Syrah is a dark-skinned grape as well which yields powerful wines too, though not as dark as Petite Sirah. Syrah was first planted in the Rhone Valley of France but has now expanded globally, most notably to Australia where it’s known as Shiraz.

We offer both Petite Sirah and Syrah at WineExpress.com

Wine Wisdoms #37: What’s Behind a Rose

 
Thursday, July 16th, 2009 at 2:08:21 PM
by Erika S., Wine Enthusiast Companies

Rose Wine Contrary to popular belief, rosés are not often made by mixing red and white wines. The best method is called the saigné method which is essentially the same as the process for making a red wine, but the grape skins have a shorter period of contact with the wine (maceration). This yields a more pale-hued wine, rather than a red wine. This shorter period of skin contact means that rosés not only have a paler color, but less tannin and a different aromatic profile than red wines.

Roses can be made in a sweet or dry style and from a variety of red grapes including Zinfandel, Grenache, Merlot, Mourvedre and more.

As featured in the July issue of Wine Enthusiast Magazine, read more at WineEnthusiast.com/magazine

Multi-Temp Wine Storage For Reds & Whites: 1-Temp, 2-Temp, or 3-Temp

 
Tuesday, July 14th, 2009 at 3:09:03 PM
by David M., Wine Enthusiast Companies

“I’m wondering if I need to buy a Multi-Temp for my reds & whites?”2-Temp Wine Enthusiast Built-In Wine Refrigerator
This is a common question I hear from customers looking to buy a refrigerated wine cabinet. There is really no wrong answer to this, because it is all about your needs and lifestyle. For optimal aging conditions, we recommend all wines (reds, whites, champagnes and even ports) to be stored at 55 degrees. However, if you entertain a lot and prefer immediate wine service, then a multi-temp dual-zone wine cellar is a fine solution as you have compartments to instantly enjoy reds at 65 degrees and whites at 47 degrees. (Although you lose out on some of the benefits of long-term aging at these temperatures.) If you have the ability and time to take a red out, decant it and let it warm up to slightly below room temp, or you can chill a white down on ice, then a one-temp might be for you! One advantage to a single temp cabinet is that you generally can store more bottles in the unit.EuroCave Comfort 1-Temp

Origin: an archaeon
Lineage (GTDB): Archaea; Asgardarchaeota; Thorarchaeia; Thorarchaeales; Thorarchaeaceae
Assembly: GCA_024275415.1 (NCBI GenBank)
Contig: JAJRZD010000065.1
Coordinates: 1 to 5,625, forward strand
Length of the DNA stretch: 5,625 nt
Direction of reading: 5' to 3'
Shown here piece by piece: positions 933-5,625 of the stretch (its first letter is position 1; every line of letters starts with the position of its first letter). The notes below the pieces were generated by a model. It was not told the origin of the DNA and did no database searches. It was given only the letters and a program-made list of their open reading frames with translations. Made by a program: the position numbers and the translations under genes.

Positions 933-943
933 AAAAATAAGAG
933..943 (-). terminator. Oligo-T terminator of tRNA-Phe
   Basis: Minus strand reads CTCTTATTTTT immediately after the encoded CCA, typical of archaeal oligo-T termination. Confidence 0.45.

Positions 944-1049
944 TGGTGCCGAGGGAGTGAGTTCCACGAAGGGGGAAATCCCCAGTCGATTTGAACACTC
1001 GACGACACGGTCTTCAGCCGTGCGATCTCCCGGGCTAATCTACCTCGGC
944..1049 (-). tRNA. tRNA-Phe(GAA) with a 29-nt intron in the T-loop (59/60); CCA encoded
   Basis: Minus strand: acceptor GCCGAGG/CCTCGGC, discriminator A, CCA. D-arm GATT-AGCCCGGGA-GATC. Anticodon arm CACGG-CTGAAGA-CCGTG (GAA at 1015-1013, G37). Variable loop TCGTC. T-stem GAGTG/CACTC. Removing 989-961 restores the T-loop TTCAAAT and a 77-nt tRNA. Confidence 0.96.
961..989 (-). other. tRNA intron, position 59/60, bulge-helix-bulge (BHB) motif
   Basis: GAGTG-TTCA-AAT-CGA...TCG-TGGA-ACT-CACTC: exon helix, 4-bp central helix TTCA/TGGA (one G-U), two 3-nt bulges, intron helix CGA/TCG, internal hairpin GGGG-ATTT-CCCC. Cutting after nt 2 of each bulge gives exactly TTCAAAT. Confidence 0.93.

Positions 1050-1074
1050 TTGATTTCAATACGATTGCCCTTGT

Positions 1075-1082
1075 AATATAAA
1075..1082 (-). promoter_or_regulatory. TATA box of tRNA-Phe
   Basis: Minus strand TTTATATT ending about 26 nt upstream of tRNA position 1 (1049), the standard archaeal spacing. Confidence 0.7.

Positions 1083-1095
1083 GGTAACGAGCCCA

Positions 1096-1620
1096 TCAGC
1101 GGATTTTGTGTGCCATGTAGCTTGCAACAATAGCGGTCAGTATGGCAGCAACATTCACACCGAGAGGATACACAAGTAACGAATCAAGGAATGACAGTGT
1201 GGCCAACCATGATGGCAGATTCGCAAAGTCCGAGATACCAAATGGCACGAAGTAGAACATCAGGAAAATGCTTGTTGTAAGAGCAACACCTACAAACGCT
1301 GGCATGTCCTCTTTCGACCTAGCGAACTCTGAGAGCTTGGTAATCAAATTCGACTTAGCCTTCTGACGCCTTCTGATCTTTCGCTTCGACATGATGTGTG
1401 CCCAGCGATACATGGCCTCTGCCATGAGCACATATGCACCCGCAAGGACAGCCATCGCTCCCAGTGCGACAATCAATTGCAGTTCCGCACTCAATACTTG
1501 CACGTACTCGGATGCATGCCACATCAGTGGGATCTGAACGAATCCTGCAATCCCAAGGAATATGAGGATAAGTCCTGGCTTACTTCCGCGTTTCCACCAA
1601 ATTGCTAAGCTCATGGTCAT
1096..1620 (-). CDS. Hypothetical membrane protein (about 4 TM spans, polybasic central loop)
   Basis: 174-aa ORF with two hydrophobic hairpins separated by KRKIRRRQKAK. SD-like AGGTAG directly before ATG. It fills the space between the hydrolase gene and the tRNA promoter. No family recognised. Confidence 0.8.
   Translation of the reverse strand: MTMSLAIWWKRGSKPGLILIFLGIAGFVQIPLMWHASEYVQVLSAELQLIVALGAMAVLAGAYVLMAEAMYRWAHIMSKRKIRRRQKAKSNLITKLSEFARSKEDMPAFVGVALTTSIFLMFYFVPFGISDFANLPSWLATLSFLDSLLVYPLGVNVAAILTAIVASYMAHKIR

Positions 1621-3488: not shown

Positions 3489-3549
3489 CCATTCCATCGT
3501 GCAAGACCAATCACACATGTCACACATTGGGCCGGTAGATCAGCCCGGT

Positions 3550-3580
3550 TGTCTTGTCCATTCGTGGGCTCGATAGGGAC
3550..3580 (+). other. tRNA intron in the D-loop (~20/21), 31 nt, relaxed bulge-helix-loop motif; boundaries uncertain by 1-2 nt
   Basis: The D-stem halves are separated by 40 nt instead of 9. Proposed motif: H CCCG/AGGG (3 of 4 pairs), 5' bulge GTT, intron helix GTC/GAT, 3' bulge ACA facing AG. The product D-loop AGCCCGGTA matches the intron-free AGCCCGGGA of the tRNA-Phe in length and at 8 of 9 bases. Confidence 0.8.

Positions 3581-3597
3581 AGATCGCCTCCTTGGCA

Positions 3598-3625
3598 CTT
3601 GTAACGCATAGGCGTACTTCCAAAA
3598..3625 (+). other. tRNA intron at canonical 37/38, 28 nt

Most people are familiar with 1-temp or 2-temp units, Eurocave even makes a 3-temp model. The lower section houses approximately 12-18 standard size bottles, the temperature is set for white wine service. The very top of the unit has another separated compartment that houses approximately 8-12 bottles at red wine service temp, while the rest of the unit is at recommended 55 degree storage.

Of course if you have any questions or are unclear as which application would suit you the best, our Wine Enthusiast Storage Consultants are available at 800.377.3330 to make it easy for you!

Drink What You Like, Out of What You Like

 
Wednesday, July 8th, 2009 at 4:42:12 PM
by Erika S., Wine Enthusiast Companies

The glassware you use should be a solution and not a cause for greater problems. This is why wine glasses come in a variety of materials and shapes, and we choose to offer all of them. While we try to educate our customers on the benefit of selecting an appropriately shaped glass to allow for greater enjoyment (and yes, it does make a difference!), some folks prefer something more casual like a stemless wine glass or something polycarbonate, for outdoor use.

Yesterday I read a post about drinking wine from plastic cups, on Serious Eats. In the post, Deb Harkness (who writes the blog Good Wine Under $20) spoke about a tasting hosted by Georg Riedel, where she learned the importance of proper stemware. She suggests that people ditch their plastic cups and spend about as much on a single wine glass as they would on a bottle of wine, among other things. The discussion heated up in the comments section. Despite good intentions, people seemed truly fired up by being told what to drink out of! I was surprised that something so harmless could cause such a stir.

Wine Wisdoms #36: Broken Corks? Don’t Stress

 
Wednesday, June 24th, 2009 at 12:42:16 PM
by Erika S., Wine Enthusiast Companies

Broken Cork

Corks can break and crumble on old wines, or when a clunky corkscrew causes a problem. Unfortunately this often leads people to panic: Oh no! My wine is ruined! It’s corked!